Difference between revisions of "Pratyāmnāya"

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<small>By Swami Harshananda</small>
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pratyāmnāya (‘restatement,’ ‘that which comes in its place’)
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This is a technical word used in two senses.
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In logic, it is used in the sense of re-asserting the pratijñā or the original statement when the same is doubted or objected to.
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In the dharmaśāstras it is used to indicate a substitute when the original rite cannot be done. For instance, when a particular expiation cannot be performed by the transgressor, another—a simpler or easier one—is prescribed. If the sinner is unable to donate a cow as expiation for a sin, he is permitted to pay some gold coins as prescribed. This is called pratyāmnāya.
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==References==
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{{reflist}}
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* The Concise Encyclopedia of Hinduism, Swami Harshananda, Ram Krishna Math, Bangalore
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== OLD CONTENT ==
 
pratyāmnāya (‘restatement,’ ‘that which comes in its place’)
 
pratyāmnāya (‘restatement,’ ‘that which comes in its place’)
 
This is a technical word used in two senses.
 
This is a technical word used in two senses.
 
In logic, it is used in the sense of re-asserting the pratijñā or the original statement when the same is doubted or objected to.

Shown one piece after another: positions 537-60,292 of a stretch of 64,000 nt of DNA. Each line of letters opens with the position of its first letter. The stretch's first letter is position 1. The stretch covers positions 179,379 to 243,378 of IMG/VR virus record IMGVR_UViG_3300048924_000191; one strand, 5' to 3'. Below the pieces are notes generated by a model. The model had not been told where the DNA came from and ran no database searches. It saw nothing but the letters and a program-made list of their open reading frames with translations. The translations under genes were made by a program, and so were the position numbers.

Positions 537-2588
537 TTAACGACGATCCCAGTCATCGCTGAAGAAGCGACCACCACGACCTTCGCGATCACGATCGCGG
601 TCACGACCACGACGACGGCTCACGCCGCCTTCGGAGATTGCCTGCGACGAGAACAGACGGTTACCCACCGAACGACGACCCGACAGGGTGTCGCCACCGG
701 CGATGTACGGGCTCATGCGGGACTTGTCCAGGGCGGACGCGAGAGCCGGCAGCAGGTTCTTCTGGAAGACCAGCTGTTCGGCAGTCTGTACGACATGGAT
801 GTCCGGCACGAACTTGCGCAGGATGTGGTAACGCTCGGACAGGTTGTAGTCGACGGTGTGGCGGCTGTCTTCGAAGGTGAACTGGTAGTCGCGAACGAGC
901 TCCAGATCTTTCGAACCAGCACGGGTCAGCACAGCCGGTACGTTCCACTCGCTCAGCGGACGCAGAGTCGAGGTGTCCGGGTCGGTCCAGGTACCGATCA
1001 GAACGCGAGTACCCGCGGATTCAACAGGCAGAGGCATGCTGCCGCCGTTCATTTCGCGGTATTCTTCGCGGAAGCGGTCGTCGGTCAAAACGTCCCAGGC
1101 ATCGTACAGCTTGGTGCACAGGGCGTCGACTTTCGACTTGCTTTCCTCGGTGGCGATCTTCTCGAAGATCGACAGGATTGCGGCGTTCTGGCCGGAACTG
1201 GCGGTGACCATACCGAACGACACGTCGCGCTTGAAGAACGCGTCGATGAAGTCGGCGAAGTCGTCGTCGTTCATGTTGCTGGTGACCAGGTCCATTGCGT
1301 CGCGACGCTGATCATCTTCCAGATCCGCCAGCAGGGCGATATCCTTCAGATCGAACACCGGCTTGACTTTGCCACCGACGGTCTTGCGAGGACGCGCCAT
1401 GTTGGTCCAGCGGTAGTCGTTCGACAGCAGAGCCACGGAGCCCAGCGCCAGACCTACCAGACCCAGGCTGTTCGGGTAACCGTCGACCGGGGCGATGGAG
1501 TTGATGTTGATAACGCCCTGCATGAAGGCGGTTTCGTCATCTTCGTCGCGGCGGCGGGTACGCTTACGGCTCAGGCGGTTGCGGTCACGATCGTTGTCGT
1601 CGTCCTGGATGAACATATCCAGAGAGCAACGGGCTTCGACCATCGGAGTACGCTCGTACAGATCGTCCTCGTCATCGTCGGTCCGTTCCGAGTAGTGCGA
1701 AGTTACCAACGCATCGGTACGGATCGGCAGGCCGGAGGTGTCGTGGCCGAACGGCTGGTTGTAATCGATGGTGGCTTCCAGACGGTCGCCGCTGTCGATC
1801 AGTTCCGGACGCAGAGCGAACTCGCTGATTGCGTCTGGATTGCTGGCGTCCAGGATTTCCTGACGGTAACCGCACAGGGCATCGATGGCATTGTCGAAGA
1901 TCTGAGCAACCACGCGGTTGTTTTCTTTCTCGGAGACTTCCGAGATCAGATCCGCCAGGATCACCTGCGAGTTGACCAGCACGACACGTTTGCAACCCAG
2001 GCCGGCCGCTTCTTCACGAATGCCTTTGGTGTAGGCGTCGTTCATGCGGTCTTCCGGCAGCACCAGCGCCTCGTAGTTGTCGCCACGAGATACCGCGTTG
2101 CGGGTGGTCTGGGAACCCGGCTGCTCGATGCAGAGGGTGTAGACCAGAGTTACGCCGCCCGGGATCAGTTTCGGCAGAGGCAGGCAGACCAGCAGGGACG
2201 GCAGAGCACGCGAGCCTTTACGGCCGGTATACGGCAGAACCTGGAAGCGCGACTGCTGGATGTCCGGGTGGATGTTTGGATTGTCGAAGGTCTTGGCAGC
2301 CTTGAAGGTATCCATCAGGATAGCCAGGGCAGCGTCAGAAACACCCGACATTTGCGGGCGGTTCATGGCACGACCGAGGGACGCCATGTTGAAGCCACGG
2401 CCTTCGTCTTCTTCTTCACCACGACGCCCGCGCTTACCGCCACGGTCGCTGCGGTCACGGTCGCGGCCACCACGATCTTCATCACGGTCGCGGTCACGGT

In logic, it is used in the sense of re-asserting the pratijñā or the original statement when the same is doubted or objected to.
 
In the dharmaśāstras it is used to indicate a substitute when the original rite cannot be done. For instance, when a particular expiation cannot be performed by the transgressor, another—a simpler or easier one—is prescribed. If the sinner is unable to donate a cow as expiation for a sin, he is permitted to pay some gold coins as prescribed. This is called pratyāmnāya.
 
In the dharmaśāstras it is used to indicate a substitute when the original rite cannot be done. For instance, when a particular expiation cannot be performed by the transgressor, another—a simpler or easier one—is prescribed. If the sinner is unable to donate a cow as expiation for a sin, he is permitted to pay some gold coins as prescribed. This is called pratyāmnāya.

Revision as of 09:20, 12 October 2014

By Swami Harshananda

Sometimes transliterated as: Pratyamnaya, PratyAmnAya, Pratyaamnaaya


pratyāmnāya (‘restatement,’ ‘that which comes in its place’)

This is a technical word used in two senses.

In logic, it is used in the sense of re-asserting the pratijñā or the original statement when the same is doubted or objected to.

In the dharmaśāstras it is used to indicate a substitute when the original rite cannot be done. For instance, when a particular expiation cannot be performed by the transgressor, another—a simpler or easier one—is prescribed. If the sinner is unable to donate a cow as expiation for a sin, he is permitted to pay some gold coins as prescribed. This is called pratyāmnāya.


References

  • The Concise Encyclopedia of Hinduism, Swami Harshananda, Ram Krishna Math, Bangalore

OLD CONTENT

pratyāmnāya (‘restatement,’ ‘that which comes in its place’) This is a technical word used in two senses. In logic, it is used in the sense of re-asserting the pratijñā or the original statement when the same is doubted or objected to. In the dharmaśāstras it is used to indicate a substitute when the original rite cannot be done. For instance, when a particular expiation cannot be performed by the transgressor, another—a simpler or easier one—is prescribed. If the sinner is unable to donate a cow as expiation for a sin, he is permitted to pay some gold coins as prescribed. This is called pratyāmnāya.